When Buddy Holly and the Crickets performed at the Arthur Murray Dance Party in December 1957, Holly wore a tuxedo, a bowtie, and massive horn-rimmed glasses. He was, in short, a star disguised as a nerd.
In modern-day Williamsburg—or Bushwick, or Fort Greene—current nerds and future stars are indistinguishable. Every other kid just off the bus from Oberlin is rocking Holly’s signature look.
Meanwhile, with the success of 3D extravaganzas like Avatar, Alice in Wonderland and Clash of the Titans, the actual dorks back home in Columbus are sporting the look, too.
Clearly, this can’t go on.
On a recent visit to Fabulous Fanny’s, the vintage eyewear mecca on East 9th Street, the store was filled with customers sporting statement frames. If there was any threat to the trend at all, it wasn’t evident.
“My partner thinks they will scale down to smaller lenses, but we sell to so many different people that have their own styles—I really don’t think anything is going out of style,” said Fanny’s co-owner Stanton Blackmer, who was sporting some large tortoise shells himself. “It’s not going to affect us one way or another,” he added. “We have everything. We deal with people who want to create their own style.”
They’ve done well during a time when one’s “own” style is often a riff on the classic Ray-Ban Wayfarer.
“The Wayfarer has been around for a long time,” said Eugene Tong, fashion market editor at Details, who rocks some big, honkin’ frames himself. “When the next thing happens and those trend-humpers move on to that, you’ll still get people who wear them. It’s like a pair of 501 jeans. It’s never going to go out of style.”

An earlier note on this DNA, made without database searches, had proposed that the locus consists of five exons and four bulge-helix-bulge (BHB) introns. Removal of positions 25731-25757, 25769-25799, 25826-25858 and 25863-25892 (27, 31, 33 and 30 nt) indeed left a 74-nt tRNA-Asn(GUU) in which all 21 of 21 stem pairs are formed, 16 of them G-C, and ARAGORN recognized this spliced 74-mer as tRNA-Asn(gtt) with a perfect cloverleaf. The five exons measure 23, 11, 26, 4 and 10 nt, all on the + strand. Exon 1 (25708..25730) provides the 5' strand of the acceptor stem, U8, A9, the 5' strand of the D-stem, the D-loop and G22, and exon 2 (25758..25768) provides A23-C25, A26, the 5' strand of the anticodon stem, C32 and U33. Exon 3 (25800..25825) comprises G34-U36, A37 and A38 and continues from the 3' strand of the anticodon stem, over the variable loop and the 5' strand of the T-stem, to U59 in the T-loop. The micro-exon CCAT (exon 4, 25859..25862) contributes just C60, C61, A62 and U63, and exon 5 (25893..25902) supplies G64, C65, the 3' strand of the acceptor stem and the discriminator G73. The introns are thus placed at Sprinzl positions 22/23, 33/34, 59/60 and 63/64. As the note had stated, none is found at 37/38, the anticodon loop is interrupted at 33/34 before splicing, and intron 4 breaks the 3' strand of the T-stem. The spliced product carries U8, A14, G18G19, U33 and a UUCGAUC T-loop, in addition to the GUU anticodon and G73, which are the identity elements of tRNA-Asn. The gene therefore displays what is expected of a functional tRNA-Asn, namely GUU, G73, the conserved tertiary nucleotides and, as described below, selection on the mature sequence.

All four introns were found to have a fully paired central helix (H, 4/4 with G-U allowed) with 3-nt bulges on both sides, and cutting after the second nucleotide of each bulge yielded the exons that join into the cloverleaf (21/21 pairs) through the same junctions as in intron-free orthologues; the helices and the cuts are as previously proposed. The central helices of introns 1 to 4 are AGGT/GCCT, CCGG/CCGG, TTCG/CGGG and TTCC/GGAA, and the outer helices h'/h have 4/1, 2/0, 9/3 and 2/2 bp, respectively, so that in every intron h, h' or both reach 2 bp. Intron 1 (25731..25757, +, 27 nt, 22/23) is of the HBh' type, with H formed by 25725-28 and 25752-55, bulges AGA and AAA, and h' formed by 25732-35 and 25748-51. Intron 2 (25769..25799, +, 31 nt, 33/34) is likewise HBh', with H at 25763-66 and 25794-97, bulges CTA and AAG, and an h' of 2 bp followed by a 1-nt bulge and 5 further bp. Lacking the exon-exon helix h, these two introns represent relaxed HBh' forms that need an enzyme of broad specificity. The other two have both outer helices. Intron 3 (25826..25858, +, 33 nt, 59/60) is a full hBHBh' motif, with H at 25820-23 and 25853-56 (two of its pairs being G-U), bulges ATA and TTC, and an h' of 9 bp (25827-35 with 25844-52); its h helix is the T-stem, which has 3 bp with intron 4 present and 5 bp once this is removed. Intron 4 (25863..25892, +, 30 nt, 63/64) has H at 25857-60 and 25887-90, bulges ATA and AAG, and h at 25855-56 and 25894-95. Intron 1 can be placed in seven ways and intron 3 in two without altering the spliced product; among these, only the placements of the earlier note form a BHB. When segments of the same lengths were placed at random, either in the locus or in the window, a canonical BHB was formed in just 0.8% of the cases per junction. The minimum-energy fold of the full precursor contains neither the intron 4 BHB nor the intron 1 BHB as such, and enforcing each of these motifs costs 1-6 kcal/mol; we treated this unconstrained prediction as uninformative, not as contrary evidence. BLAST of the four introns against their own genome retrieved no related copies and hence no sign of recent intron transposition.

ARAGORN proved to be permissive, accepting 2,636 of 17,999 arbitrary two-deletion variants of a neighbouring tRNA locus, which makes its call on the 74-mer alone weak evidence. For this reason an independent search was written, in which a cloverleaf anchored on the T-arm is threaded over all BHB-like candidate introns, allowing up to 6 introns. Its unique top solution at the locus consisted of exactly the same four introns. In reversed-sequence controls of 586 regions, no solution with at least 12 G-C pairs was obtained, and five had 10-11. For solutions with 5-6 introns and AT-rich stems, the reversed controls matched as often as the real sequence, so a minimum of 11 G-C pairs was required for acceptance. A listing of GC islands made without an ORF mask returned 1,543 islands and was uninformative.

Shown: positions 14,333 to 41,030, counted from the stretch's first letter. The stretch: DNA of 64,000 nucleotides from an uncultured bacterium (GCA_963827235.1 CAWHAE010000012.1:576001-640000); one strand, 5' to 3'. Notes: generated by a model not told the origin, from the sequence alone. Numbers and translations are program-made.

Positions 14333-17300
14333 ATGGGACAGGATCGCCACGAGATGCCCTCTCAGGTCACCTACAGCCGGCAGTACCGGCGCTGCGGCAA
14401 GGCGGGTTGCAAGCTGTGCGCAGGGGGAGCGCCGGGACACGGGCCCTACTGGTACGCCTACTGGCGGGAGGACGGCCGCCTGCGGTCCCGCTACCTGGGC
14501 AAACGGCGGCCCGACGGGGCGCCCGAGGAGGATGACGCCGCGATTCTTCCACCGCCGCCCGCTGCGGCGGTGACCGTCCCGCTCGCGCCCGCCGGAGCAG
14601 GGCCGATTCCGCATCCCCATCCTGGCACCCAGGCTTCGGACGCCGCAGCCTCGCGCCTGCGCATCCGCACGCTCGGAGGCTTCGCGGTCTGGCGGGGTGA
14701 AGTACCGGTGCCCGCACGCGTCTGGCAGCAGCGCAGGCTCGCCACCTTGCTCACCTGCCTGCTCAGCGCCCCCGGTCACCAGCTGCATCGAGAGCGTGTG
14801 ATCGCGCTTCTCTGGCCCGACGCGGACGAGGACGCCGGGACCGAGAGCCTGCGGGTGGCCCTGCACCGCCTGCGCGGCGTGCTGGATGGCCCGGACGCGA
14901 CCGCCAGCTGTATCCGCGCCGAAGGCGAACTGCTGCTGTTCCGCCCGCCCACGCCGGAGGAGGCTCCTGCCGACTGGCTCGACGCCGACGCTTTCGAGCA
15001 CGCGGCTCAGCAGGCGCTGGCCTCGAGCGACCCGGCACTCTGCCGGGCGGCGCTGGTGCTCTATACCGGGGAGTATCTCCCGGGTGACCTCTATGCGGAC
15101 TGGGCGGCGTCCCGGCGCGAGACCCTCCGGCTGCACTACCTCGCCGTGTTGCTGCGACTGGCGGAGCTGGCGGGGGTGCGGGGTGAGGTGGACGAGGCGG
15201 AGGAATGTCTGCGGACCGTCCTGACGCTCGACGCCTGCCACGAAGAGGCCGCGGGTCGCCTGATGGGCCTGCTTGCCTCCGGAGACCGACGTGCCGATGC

Anyway, for Mr. Tong, the real threat is obvious.
“The hipsters will kill the trend more than theaters offering 3D glasses in a wayfarer shape,” he said.
Pop will eat itself. Q.E.D.
A question remains: Why do the new crop of 3D glasses look that way in the first place?
Blame Chicken Little—the “first film shown using RealD 3D projection,” said Joshua Greer, the President and Co-Founder of RealD, the company behind the 3D glasses we wore, grudgingly, at Avatar. “The glasses were designed to look like [those] worn by the film’s main character. It was a fun and interesting design that was a great tie-in with the film. But we knew that we needed a standard designed pair of 3D glasses that could be used for all films.” What’s more, the Wayfarer style was, in part, chosen because it could fit over prescription glasses.
Alas, the folks at RealD have failed to anticipate the current craze for oversized frames.
“I saw Avatar, but not in 3D,” said Williamsburg-resident (and Oberlin grad) David Levin, 25, who’s the tour manager for Brooklyn noise-rockers A Place to Bury Strangers. He wears glasses the size of laboratory goggles. “With glasses my size, the 3D glasses wouldn’t fit over my frames. I felt discriminated against!”
Luckily, 3D movies are totally lame.